A piercing pattern is a two-day candlestick pattern which, if identified correctly, can predict a reversal in market momentum. Despite most two-day patterns being common, a piercing pattern is considered accurate due to its nature of requiring certain movements before it for confirmation of the signal it provides. To understand how to identify and trade a piercing pattern, it’s imperative that you first know how to read a candlestick chart.
What is a Piercing Pattern?
To find a reliable piercing pattern, we should be looking at the daily candlestick chart. The first of the two candles in the pattern should be a red (or downward) candle with short wicks. This shows that the bears were fully in control of the market for that day. The second candle in the pattern should open below the first candle’s low and close above the mid-point of its main candle body. This signifies that buyers took over for the second day and overwhelmed the sellers, pushing the price back up.
If a piercing pattern follows a period of downward momentum, even just a short downward trend, we can expect the asset’s price to climb once again. Any green candle following a red candle should be noted by traders but what makes a piercing pattern so exciting is that it will likely take market participants by surprise. If the candle following the piercing pattern opens above with a gap, this could signify an especially bullish day.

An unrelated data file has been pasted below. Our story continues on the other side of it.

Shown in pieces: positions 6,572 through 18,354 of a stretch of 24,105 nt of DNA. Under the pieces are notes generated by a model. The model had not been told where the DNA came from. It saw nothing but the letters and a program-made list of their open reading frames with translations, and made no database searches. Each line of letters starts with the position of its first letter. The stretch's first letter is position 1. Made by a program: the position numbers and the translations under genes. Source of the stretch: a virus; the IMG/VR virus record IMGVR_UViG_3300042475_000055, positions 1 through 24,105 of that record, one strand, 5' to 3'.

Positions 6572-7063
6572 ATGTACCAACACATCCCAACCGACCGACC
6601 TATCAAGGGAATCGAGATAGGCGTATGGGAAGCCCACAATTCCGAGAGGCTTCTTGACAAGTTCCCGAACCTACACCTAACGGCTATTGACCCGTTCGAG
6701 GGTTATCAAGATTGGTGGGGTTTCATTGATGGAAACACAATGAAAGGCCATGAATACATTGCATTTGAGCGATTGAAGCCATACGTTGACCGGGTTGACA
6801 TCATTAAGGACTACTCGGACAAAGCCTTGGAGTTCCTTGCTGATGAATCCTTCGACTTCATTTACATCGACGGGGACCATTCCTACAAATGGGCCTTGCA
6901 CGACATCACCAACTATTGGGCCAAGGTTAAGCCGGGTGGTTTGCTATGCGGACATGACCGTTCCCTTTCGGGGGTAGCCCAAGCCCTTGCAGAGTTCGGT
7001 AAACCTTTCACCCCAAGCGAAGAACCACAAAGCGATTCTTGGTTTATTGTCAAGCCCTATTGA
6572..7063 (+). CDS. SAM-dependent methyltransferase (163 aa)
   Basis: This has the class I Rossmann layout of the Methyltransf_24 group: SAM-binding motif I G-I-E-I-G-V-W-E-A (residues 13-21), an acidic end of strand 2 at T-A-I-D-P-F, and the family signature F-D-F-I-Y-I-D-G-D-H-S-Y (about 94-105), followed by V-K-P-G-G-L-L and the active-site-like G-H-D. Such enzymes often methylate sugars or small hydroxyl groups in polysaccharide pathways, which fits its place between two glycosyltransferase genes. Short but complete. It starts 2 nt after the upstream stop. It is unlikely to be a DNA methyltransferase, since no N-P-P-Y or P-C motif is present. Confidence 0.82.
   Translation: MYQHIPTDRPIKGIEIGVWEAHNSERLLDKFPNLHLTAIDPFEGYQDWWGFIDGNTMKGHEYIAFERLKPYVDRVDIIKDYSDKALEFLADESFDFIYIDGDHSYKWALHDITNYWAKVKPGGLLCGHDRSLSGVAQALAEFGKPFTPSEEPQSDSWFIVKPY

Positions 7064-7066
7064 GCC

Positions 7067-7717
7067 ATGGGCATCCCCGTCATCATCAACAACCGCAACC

How to Profit on a Piercing Pattern
A piercing pattern is considered a very bullish sign, especially when following a downward trend. The longer the downward trend, the bigger the upward move can be. If a trader still isn’t sure whether or not to act on the signal, they can always wait for the next day’s open. If this next candle opens with a breakaway gap, the likelihood of a bullish reversal is amplified. When other technical indicators such as the MACD or RSI are showing bullish divergence at the same time a piercing pattern occurs, this further strengthens the suggestion that a bullish reversal is on the cards.
While a piercing pattern is fairly straightforward to identify, it’s good practice to familiarise yourself with what to look for beyond just the two candles themselves. Any two-candle pattern can appear regularly on a chart but one which follows a certain trend is rarer. Furthermore, if technical graphs such as the MACD or RSI also suggest a bullish reversal, the piercing pattern is likely one of the most reliable candlestick patterns there are.
Traders should always use caution when using these methods to determine future price action and should never trade with capital they can’t afford to lose. New traders can start by paper-trading, which is a way of becoming familiar with market movements and trends without losing any money. Study the markets and make trading decisions but without physically placing the trade. Later, come back to the asset to see what would have happened had you placed the trade for real. Ok, you may be kicking yourself for not going with your gut but you can increase your accuracy without losing anything. Once you feel confident that your win percentage is high enough, you can start trading for real.